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After leaked audio of Los Angeles City Council members saying all sorts of bigoted blabber unleashed a political earthquake, I got an email from a much-missed voice.

“Even if the tape was made a year ago,” Mike Davis wrote to friends, family and me on Oct. 13, “its release correlates to the unexpectedly strong performance of progressive candidates in the June primaries and should be interpreted in that light.”

We had last talked in July, when the two of us spent hours at his San Diego home chatting about his life and, well, life. Mike had decided to end chemotherapy. The author of so many books that predicted the Los Angeles of today at its best and worst — “City of Quartz,” “Ecology of Fear,” “Magical Urbanism” — wanted to spend his last days with his wife and children and read, not write.

So his surprise note about what he deemed “the sewer explosion at 200 N. Spring” (referring to L.A. City Hall’s address) was a joy. Though brief, it was classic Mike: Unsparing. Brilliant. Funny. Caring. Prophetic.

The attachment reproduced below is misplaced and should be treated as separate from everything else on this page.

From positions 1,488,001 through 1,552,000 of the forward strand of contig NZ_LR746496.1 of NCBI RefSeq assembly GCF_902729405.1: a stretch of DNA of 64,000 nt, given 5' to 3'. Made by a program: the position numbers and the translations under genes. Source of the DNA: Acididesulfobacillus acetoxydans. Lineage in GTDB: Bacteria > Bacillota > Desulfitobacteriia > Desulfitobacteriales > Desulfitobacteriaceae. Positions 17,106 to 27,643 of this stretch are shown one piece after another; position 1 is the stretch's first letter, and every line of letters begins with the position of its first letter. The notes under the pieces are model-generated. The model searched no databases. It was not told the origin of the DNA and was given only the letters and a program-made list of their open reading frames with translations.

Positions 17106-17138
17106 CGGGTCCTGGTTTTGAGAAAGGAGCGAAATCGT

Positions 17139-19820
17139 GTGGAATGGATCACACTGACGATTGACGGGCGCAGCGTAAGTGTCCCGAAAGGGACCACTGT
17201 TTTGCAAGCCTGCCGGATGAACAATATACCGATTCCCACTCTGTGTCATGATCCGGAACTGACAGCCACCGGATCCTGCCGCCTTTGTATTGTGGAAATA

Davis blasted the four paragons of Latino political power on the tape — then-Los Angeles Labor Federation president Ron Herrera, then-L.A. council President Nury Martinez, and Councilmembers Gil Cedillo and Kevin de León — for trying to dilute Black political power in the city.

He described Martinez — who called the Black son of Councilmember Mike Bonin a “negrito” and compared the boy to a “monkey,” derided L.A. County Dist. Atty. George Gascón for siding “with the Blacks,” and also trashed Jews and Armenians — as the “Exalted Cyclops” of her cabal.

He praised an ascendant Left in L.A. for posing “a threat not just to mainstream Democratic personalities but more generally to the ethno-dynastic structure of local politics.” And he ended by turning Martinez’s slurs against Oaxacans, whom she had dismissed as short, dark and “ugly,” into a pledge for solidarity with a hearty “Nosotros somos oaxaqueños!” — we are Oaxacans — while jokingly referencing his own diminutive stature.

I congratulated him on his usual prescience and vowed to visit again after the election.

I never had the chance.

A mutual friend texted me the news that Davis died Tuesday at age 76 from complications of esophageal cancer. I felt sad for about a minute, then remembered the famous slogan associated with the late labor leader Joe Hill: Don’t mourn, organize!